A view of the front entrance of the Polana from the 1920s. Photo: Historical Archives of MozambiqueSituated in the heart of Maputo on four hectares of lush grounds, the Polana has long been regarded one of Africa’s leading hotels. Built in 1922, it was the brainchild of Lourenço Marques - a 16th century trader and explorer after whom Maputo was previously named - who wished to transform the city into a second Monte Carlo. The hotel quickly became an historic and cultural haven, and a meeting place that offered an elegance and grandeur that was unique in the city.
In acquiring the hotel in 2002, the Aga Khan Fund for Economic Development (AKFED) and its subsidiary units - Tourism Promotion Services (TPS) and the Serena Hotel Group - recognised the iconic status of the hotel. The property underwent a muti-year programme of improvements, upgrades and enhancements that consciously sought to restore the hotel to its former splendour.
Today, the Grand Dame of Maputo has been restored to its former splendour. The architectural landmark prides itself on showcasing the city’s local culture and heritage, combining the very best of facilities with exemplary service.
The entrance of the newly refurbished Polana Serena Hotel. Photo: Filipe BranquinhoThe Entrance
The arrival grounds have been completely re-landscaped. Grand fountains and sculptures provide a unique, historical experience as one enters the hotel.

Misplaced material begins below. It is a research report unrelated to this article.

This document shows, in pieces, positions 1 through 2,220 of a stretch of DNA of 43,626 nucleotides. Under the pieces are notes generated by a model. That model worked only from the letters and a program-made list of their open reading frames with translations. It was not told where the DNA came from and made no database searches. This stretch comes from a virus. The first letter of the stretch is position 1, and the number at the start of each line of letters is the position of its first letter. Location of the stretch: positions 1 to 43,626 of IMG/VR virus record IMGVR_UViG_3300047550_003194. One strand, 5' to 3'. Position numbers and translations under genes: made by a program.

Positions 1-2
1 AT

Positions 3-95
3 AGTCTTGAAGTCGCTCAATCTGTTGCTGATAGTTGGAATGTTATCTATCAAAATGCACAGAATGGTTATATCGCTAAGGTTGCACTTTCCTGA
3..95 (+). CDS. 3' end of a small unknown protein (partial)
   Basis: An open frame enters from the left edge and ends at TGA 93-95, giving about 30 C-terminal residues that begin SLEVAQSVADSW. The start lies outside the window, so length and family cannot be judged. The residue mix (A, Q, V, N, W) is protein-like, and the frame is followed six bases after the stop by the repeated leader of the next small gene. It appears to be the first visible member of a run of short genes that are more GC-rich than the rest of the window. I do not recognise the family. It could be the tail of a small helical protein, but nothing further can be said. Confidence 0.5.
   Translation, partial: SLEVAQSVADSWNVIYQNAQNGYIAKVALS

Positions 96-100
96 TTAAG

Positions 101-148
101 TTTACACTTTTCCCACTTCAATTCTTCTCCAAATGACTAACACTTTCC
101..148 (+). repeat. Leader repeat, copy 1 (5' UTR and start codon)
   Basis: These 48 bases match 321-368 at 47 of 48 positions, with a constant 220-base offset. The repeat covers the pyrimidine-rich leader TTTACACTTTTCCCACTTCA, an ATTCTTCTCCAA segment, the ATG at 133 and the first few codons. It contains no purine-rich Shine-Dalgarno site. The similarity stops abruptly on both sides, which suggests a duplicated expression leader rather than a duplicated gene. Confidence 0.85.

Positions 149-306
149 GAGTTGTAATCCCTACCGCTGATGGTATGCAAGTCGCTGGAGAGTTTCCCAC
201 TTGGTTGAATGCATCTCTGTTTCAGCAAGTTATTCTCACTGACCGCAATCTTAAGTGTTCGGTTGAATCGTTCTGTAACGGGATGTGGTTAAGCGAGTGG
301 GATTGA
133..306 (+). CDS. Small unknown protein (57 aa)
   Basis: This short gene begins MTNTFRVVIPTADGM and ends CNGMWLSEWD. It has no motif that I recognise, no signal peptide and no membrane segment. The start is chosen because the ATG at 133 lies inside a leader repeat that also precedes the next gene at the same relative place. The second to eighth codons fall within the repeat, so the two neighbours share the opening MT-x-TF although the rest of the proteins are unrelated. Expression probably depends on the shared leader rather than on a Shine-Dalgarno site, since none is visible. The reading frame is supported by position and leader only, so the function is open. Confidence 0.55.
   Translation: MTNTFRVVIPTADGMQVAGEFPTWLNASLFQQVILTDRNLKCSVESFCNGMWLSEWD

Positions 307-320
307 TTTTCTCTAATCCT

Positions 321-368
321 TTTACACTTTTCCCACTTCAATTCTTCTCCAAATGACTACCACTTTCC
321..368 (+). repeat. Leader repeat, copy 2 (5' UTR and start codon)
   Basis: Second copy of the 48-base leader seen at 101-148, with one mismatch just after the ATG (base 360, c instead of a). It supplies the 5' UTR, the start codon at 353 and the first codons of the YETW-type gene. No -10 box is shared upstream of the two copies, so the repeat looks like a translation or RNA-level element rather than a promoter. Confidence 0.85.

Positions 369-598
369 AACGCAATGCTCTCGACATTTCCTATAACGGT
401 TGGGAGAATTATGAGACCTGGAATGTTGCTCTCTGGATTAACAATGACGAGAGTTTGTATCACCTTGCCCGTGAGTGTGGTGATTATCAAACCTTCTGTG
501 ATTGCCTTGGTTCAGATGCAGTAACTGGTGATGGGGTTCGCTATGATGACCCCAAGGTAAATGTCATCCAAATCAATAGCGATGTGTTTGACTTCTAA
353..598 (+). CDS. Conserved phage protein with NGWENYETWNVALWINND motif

The lobby of the Polana Serena Hotel with a blend of three hues of polished granite with intricate patterned medallions decorating the floor.
Photo: Jon Ivins Lobby Lounge
Throughout, the design reflects the historical affinity Maputo has with the sea and sailing. The reception foyer has been made wider to create a greater feeling of space. The floor blends three hues of polished granite with intricate patterned medallions. Ceilings have been simplified with a long vaulted section between lower sections at the reception desk. Intricate cabinetry-work gives the reception and concierge desks an antique and classical look with bevelled mirrors. Sweeping, shallow arches beyond the lounge give rise to a collection of antique furniture from various Indian Ocean destinations, resembling an adventurer’s personal amassment. Vibrantly patterned carpets flank the central granite floor with its mosaic medallions and antique circular tables. Highly decorative cut glass bowl light fittings hang from a beamed ceiling with painted mouldings. Exotic and animated fabrics draped between the arched windows provide colour to an otherwise muted wallscape, creating an elegant and efficient experience.
Portuguese influences on the history of Maputo decorate the bar, from photographs that depict the 1920s to hand-made Ajuleos tiles set in the ornately carved timber of the bar fronts and columns. The floor consists of 1920s mosaic tiles in cream and deep blue with patterned borders, while Indo-Portuguese style windows and doors lead to an adjacent terrace. The combined effect is a convivial and relaxing experience.
The ballroom at the Polana Serena Hotel restored to its former grandeur.
Photo: Filipe BranquinhoBallroom